The budget that Gov. Bev Perdue will either sign or veto is Exhibit A that the Republicans in the General Assembly are adamant in their campaign pledge to cut taxes. Despite enormous and growing pressure, they have decided to allow a single-cent sales tax to expire that would generate $1.3 billion during the next fiscal year — enough money and more to satisfy educational leaders in this state who are now forecasting Armageddon.
But the House this week signed off on a bill that doubles the hotel tax in St. Pauls and Lumberton from 3 percent to 6 percent, granting the requests from town boards in those municipalities. The bill now moves to the Senate, where it is likely to be approved. Some might be surprised by the House’s approval of any tax hike, but the General Assembly has a long tradition of honoring such requests as lawmakers are reticent to inject themselves into local debates. They understand the day may come when their local bill needs support.
But not everyone locally is happy.
Local hotel owners a few months ago showed up at Lumberton City Council to protest the proposal to raise the tax, saying the extra $3 on a $100 hotel room can keep some motorists in their cars, looking for cheaper lodging. They say the tax increase will strip them of a competitive advantage over hotels north and south on Interstate 95, in Fayetteville and Florence, S.C., where the tax is already 6 percent. They say every little bit matters when a dour economy has tourists looking for ways to stretch their dollars.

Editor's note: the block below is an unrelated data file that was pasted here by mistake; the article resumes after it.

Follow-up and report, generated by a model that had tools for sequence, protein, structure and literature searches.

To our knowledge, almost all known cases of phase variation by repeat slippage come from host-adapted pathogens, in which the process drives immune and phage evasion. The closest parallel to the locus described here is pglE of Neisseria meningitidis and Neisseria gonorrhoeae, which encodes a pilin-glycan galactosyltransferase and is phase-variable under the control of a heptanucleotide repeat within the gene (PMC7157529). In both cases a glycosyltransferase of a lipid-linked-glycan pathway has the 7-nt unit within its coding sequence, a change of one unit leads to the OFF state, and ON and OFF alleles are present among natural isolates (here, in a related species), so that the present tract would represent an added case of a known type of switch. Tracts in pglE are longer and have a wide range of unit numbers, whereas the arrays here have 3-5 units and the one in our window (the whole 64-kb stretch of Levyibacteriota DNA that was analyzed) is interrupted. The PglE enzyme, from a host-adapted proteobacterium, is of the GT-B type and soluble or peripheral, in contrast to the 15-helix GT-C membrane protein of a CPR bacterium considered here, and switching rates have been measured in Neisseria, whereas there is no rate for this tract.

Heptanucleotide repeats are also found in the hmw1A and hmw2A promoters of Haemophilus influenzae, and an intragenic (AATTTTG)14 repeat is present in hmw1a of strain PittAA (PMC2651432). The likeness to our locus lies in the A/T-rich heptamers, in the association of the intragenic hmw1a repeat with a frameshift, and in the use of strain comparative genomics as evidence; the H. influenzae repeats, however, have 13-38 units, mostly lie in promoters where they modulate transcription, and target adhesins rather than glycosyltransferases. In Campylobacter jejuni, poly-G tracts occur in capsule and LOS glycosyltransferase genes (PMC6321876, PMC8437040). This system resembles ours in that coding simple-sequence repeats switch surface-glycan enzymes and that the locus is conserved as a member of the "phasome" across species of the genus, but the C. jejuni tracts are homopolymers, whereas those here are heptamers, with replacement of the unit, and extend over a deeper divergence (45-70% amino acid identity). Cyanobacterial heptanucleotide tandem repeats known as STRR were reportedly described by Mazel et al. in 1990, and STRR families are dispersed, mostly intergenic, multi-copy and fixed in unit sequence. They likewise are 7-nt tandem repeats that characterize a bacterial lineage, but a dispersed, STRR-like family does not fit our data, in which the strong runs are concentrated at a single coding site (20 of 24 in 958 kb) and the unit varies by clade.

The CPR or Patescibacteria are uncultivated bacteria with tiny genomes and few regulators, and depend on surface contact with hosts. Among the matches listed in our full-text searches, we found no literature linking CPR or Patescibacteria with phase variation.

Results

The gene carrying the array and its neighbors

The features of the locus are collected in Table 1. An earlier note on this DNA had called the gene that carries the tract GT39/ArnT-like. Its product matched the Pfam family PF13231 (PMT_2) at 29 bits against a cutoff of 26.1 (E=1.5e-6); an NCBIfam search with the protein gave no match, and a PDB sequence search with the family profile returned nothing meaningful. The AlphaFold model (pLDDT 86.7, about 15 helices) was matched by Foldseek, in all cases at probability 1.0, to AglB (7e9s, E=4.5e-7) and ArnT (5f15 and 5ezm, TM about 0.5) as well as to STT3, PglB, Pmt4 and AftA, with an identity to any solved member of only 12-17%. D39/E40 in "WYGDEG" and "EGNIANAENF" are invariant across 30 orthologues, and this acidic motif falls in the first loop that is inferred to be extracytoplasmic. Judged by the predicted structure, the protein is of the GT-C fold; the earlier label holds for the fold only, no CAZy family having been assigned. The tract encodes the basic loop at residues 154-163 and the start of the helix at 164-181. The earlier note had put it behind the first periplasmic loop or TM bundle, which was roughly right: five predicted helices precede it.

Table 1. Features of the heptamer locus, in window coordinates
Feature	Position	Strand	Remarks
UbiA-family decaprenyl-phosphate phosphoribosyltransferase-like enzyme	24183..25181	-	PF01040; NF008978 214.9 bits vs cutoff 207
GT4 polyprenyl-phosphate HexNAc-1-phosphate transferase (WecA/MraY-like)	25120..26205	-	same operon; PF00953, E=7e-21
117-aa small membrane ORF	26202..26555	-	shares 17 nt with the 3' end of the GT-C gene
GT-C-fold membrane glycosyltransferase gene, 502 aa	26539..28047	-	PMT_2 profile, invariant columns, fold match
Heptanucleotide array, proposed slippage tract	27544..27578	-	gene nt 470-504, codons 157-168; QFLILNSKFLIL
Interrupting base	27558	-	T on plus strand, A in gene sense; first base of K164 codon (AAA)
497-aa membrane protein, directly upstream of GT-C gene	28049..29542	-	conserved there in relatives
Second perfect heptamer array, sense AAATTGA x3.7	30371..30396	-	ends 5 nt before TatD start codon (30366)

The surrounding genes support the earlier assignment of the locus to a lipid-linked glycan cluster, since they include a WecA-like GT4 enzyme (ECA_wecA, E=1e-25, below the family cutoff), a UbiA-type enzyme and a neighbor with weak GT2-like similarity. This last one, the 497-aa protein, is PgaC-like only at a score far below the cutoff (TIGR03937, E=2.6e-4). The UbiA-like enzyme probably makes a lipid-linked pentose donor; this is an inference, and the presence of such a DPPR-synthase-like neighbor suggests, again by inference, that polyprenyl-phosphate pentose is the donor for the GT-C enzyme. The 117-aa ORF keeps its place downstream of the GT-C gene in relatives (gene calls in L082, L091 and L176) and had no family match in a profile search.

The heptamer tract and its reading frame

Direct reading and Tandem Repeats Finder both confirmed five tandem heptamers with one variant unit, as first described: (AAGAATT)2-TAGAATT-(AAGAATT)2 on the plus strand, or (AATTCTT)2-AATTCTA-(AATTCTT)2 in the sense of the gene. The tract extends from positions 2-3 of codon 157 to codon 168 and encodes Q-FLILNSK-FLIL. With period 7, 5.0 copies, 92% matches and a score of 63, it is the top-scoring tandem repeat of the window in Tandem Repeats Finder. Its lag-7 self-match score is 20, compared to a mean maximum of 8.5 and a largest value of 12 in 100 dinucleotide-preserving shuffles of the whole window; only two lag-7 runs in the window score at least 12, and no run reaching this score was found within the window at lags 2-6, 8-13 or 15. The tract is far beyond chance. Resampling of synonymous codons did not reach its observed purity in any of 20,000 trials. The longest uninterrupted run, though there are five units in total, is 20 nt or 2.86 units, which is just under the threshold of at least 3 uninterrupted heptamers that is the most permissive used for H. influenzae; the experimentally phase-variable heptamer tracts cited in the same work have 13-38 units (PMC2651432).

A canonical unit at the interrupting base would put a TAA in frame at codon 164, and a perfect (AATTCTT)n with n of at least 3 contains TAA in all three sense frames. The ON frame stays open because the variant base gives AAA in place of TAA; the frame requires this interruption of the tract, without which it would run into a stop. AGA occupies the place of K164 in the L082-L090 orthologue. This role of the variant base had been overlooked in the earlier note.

They say, with other things being equal, travelers will give the nod to Fayetteville and Florence, which boast better shopping and more fun opportunities than does Robeson County.
Municipal officials say the extra revenue is needed to help attract tourists. In St. Pauls, that effort is limited primarily to keeping exit 31 manicured, but in Lumberton the money funds the Lumberton Tourism Authority Board, which markets the city and supports events that travelers might enjoy. They say that money helps attract visitors to the town who need lodging, but also shop, eat at local restaurants, and help fuel what is now the county’s No. 1 private industry, tourism.
We don’t have the formula to determine if the local hotels would have a more robust bottom line with or without the tax increase, and the next person’s guess is probably as good or better than our own. But tourism is now the No. 1 private industry in Lumberton, bringing in well past $100 million a year, so something on the local level is working.
We would be wise to continue efforts to grow that figure, and not sit by idly with our fingers crossed.